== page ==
My brothers Tim and Steve had been there and were able to communicate with her. When we arrived we went straight to the bedside. I wept like a baby. This was it. This was going to be my last conversation with her and what was it that I was going to say to her? After weeping for a bit, I sat down by her side and just held her hand. I told her that I was proud of her and that I know that she has loved me and to have no regrets.
I went back out to the car to bring her in the flowers I brought her. She loved flowers and always said to us “Don’t bring me flowers when I’m gone.” So I brought them in and she was told that I brought her flowers and she opened her eyes to see them and then closed her eyes and smiled.
After a short time, I sat down by her bedside again and held her hand. I was given a cool damp towel to pat her forehead with to cool her off. She could not talk, but would muster out the word “pain” when she couldn’t stand it no more. The nurse upped her dosage and we were told that soon she would not be cognizant of what is going on.
As I sat there beside her, my last conversation went like this:
- Me: Mom, do you love Jesus?
- Mom: [nods her head yes]
- Me: He loves you too and sees what you are going through. Some day there will be no more pain and suffering and He will come back to put an end to it all.
- Me: I want you to think about some things to look forward to. Imagine the big cats we will wrap our arms around in the new Earth (my Mom and I like cats). In heaven, you and I can meet for lunch under the big tree by the river and you can fix me lunch (during her last two years I would fix her meals when I visited). But you must know, the lunch you fix will have to be vegetarian because there will be no more death (I am vegetarian and she wasn’t).
- Mom: [big smile]
I talked to her about some other things to look forward to because I wanted her to not concentrate so much on her pain. I asked her if she wanted me to sing her a song and she nodded her head yes. So I sang Draw Me Close by Michael W. Smith. When I finished she was asleep and then I didn’t see her awake after that.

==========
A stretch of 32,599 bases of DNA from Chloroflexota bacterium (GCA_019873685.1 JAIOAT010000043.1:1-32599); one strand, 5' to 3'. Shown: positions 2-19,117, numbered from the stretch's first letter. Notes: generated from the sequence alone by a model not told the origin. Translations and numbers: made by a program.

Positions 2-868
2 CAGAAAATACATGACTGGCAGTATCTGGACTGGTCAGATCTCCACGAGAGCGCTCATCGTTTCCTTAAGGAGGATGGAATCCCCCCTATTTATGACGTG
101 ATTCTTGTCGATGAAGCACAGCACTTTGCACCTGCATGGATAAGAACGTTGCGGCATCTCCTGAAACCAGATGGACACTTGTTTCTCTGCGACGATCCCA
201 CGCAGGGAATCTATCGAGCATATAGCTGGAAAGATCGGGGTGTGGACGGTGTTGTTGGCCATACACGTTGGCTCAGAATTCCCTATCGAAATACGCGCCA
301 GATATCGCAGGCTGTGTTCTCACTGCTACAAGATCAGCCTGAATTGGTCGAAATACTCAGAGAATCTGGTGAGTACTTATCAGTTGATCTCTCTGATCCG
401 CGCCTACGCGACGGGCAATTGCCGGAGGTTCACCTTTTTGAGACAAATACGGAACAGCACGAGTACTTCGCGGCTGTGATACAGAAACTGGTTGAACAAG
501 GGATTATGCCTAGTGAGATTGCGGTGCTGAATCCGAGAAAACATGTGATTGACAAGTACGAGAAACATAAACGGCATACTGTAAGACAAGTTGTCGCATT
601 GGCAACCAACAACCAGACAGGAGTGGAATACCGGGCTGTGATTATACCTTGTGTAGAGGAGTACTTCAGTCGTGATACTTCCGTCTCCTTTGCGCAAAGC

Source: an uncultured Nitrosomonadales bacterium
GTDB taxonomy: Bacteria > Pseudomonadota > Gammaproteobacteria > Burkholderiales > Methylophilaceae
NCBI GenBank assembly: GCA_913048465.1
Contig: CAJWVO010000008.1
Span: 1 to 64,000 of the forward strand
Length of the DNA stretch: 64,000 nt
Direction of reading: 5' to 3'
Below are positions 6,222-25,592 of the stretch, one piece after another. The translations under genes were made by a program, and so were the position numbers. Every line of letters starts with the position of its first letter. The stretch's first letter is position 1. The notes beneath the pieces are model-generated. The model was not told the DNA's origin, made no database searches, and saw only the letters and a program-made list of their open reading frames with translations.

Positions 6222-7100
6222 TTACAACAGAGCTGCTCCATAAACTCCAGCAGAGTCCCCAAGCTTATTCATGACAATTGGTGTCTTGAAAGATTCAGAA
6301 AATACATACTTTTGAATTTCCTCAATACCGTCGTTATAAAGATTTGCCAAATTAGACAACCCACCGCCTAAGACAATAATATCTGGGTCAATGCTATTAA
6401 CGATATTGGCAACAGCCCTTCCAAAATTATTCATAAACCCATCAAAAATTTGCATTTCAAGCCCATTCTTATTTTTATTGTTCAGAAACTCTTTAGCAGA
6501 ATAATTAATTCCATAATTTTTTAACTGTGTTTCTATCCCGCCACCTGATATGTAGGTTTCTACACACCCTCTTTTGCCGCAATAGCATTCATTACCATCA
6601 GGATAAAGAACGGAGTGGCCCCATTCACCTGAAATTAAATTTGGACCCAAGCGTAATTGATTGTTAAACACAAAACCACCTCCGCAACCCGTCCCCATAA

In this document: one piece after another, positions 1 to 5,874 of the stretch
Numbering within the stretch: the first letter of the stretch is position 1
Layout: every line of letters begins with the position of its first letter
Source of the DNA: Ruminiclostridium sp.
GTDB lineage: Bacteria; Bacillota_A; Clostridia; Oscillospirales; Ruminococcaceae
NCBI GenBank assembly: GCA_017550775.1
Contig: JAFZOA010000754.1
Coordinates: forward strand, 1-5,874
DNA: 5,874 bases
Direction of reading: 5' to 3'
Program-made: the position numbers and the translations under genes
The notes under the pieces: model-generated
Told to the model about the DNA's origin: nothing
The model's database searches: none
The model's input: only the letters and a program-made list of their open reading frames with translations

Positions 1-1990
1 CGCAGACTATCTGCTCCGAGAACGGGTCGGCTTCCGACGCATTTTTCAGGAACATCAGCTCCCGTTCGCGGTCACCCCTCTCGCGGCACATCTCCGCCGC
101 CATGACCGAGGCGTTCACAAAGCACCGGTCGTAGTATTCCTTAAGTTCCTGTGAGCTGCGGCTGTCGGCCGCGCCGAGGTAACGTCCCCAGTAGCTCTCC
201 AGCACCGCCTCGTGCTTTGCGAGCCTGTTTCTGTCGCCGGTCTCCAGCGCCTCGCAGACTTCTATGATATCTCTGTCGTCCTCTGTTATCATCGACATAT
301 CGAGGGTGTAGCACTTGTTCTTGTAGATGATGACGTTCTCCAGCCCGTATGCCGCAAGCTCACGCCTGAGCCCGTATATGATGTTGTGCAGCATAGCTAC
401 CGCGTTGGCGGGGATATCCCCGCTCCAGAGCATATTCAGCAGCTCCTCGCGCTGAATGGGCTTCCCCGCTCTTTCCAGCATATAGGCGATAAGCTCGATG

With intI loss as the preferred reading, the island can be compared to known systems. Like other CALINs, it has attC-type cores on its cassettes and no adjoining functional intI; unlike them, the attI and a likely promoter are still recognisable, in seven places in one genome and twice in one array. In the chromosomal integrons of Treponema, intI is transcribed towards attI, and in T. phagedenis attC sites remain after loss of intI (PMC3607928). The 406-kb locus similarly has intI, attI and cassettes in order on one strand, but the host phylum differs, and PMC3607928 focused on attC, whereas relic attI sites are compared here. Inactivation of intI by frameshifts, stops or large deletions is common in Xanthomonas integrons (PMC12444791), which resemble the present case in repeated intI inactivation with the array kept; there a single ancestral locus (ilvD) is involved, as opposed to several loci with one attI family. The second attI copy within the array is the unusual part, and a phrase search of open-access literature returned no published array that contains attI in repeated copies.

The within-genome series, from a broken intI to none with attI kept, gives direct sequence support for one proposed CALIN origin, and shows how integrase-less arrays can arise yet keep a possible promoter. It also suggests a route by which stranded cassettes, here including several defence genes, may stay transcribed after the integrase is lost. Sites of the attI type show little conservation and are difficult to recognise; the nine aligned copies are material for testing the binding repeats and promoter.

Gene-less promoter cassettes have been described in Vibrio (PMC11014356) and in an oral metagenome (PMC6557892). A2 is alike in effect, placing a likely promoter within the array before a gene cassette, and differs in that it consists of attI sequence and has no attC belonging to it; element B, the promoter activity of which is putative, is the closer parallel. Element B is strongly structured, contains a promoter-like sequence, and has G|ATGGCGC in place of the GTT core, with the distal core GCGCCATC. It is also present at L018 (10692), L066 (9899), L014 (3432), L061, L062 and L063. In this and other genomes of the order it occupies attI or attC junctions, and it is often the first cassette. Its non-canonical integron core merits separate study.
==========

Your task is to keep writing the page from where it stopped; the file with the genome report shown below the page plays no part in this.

Even though our lives together didn’t start out that well, I am forever rewarded by the way things ended and I will treasure that moment till eternity comes when I will see her again.
I am happy how our relationship was the last eight years of her life. Please take my advice… If your relationship with someone needs fixing… Go fix it and live.
Barbara Standley died from complications of pulmonary fibrosis around 1:15am on Saturday, March 1, at the Hospice Center of Charleston in Mount Pleasant, South Carolina. Barbara Standley: January 27, 1940 — March 1, 2014
“But I do not want you to be ignorant, brethren, concerning those who have fallen asleep, lest you sorrow as others who have no hope. For if we believe that Jesus died and rose again, even so God will bring with Him those who sleep in Jesus. For this we say to you by the word of the Lord, that we who are alive and remain until the coming of the Lord will by no means precede those who are asleep. For the Lord Himself will descend from heaven with a shout, with the voice of an archangel, and with the trumpet of God. And the dead in Christ will rise first. Then we who are alive and remain shall be caught up together with them in the clouds to meet the Lord in the air. And thus we shall always be with the Lord. Therefore comfort one another with these words.” 1 Thessalonians 4:13-18